Curry rice is a blank (but delicious!) canvas that you can adjust to your liking. For topping, I like some crunchy raw red onions, crispy curry leaves, pan-toasted cashews (with just a little bit of char for smoky nuttiness), fresh coriander and spicy red chillis, and cooling, creamy yoghurt. You can add more veggies or protein in if you're planning on eating it as a meal by itself: a fried egg, roasted carrots, some steak, or roasted chicken.

Leftovers can be placed in an airtight container and will keep in the fridge for 4 to 5 days. A quick reheat in the microwave with a small bowl of hot water will do wonders to bring back that freshly-steamed rice flavour and texture&mdashperfect for a speedy lunch.


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Ingredient notes

What type of rice should you use? Use whatever type you normally like to eat! I typically make this Caribbean rice recipe with basmati rice, because that's our go-to rice for most preparations. It should work well with any variety of long-grain rice. I haven't tried it with medium-grain so I cannot comment on the results.

What type of curry powder should you use? Curry powder is actually a blend of spices. The exact recipe for each blend varies depending on many factors. An Indian curry powder will differ from a Jamaican curry powder, and so on and so forth.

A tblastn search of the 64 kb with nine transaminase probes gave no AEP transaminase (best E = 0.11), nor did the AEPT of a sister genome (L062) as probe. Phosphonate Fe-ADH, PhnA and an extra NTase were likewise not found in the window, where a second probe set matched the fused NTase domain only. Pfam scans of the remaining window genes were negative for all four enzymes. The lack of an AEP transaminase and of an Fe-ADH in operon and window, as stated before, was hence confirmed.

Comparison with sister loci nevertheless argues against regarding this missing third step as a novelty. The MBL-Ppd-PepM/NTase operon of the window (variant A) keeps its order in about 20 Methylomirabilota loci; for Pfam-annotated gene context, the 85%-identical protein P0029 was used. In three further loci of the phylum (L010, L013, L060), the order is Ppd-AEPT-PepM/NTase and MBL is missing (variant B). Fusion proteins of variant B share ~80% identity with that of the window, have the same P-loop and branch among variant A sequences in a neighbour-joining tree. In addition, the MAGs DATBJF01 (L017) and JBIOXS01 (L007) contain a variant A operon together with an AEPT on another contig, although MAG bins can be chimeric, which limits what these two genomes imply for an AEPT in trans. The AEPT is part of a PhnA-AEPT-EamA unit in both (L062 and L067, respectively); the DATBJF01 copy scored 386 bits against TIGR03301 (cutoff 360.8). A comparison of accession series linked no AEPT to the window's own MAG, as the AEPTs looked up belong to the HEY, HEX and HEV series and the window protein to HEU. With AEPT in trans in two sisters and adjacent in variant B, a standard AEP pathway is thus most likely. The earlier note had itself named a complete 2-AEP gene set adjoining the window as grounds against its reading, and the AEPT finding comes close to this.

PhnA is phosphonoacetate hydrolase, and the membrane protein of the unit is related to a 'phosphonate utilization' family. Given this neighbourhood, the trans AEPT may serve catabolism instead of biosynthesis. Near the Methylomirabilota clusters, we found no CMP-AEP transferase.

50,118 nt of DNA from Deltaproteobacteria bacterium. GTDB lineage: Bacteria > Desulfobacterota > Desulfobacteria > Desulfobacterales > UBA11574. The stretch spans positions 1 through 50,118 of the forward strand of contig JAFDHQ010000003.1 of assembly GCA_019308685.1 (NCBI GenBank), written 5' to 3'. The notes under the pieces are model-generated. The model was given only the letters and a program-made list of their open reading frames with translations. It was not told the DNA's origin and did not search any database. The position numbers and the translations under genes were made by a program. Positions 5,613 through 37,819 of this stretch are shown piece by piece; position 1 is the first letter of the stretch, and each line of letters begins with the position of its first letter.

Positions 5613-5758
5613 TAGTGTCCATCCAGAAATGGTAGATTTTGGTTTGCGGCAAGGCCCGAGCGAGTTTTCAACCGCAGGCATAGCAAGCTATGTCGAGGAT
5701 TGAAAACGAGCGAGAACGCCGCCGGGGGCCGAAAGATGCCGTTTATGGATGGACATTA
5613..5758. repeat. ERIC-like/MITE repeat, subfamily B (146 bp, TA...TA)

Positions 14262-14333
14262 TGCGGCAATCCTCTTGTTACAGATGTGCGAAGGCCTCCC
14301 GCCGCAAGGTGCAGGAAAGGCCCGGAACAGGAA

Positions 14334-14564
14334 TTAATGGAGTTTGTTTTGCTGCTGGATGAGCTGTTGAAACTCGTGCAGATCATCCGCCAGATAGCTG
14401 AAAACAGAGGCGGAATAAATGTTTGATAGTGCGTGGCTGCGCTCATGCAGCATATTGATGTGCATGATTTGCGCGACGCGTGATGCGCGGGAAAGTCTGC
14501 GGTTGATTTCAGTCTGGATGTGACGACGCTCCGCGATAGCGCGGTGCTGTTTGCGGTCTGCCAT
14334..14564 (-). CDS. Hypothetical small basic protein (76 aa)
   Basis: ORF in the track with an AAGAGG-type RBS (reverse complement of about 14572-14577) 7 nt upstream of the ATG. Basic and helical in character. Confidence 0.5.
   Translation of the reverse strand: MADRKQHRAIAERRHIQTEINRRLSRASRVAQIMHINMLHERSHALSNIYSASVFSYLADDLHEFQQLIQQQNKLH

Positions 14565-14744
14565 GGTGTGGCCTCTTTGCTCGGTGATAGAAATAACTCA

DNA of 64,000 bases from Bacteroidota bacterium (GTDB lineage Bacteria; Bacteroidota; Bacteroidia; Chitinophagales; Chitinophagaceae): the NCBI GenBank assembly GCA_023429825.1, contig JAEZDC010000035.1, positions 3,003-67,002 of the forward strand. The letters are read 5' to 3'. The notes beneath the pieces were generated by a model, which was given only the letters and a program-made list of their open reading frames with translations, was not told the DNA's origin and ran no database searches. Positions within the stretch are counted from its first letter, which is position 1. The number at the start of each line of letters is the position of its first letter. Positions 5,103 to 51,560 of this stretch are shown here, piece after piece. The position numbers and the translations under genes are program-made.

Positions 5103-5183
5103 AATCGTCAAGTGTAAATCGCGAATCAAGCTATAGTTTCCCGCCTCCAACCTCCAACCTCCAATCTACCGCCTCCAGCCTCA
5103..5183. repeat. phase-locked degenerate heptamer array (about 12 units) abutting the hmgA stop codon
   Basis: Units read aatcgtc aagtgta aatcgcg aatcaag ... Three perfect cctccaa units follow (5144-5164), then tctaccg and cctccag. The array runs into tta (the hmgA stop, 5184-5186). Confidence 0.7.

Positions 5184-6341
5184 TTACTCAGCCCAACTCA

For example, Jamaican curry powder is usually a bit more mild than its Indian counterpart, and often contains more turmeric. Ideally, use a Caribbean curry powder for this recipe if you have one. But if you only have one type of curry powder in your pantry, it should work just fine.

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Step 1: Gather and prepare all ingredients.

Step 2: Heat the oil in a large skillet (affiliate link) over medium-high heat. Stir in the red pepper and onion and cook for 6 to 8 minutes, or until softened, stirring occasionally to prevent burning.

Cooking chopped red bell pepper and onion

Step 3: Add the rice, curry powder and cumin and continue stirring for 1 minute.

Adding rice, curry powder and cumin to skillet

Step 4: Stir in the broth and bring mixture to a boil.

Adding curry and bringing to a boil

Once boiling, reduce to low heat, cover skillet and simmer for 40 to 45 minutes, just until liquid is absorbed.

Step 5: Add the shrimp, peas, cilantro and lime juice and stir for 1 to 2 minutes, until heated through.

Cooking Curried Rice and Shrimp Pilau (Pilaf)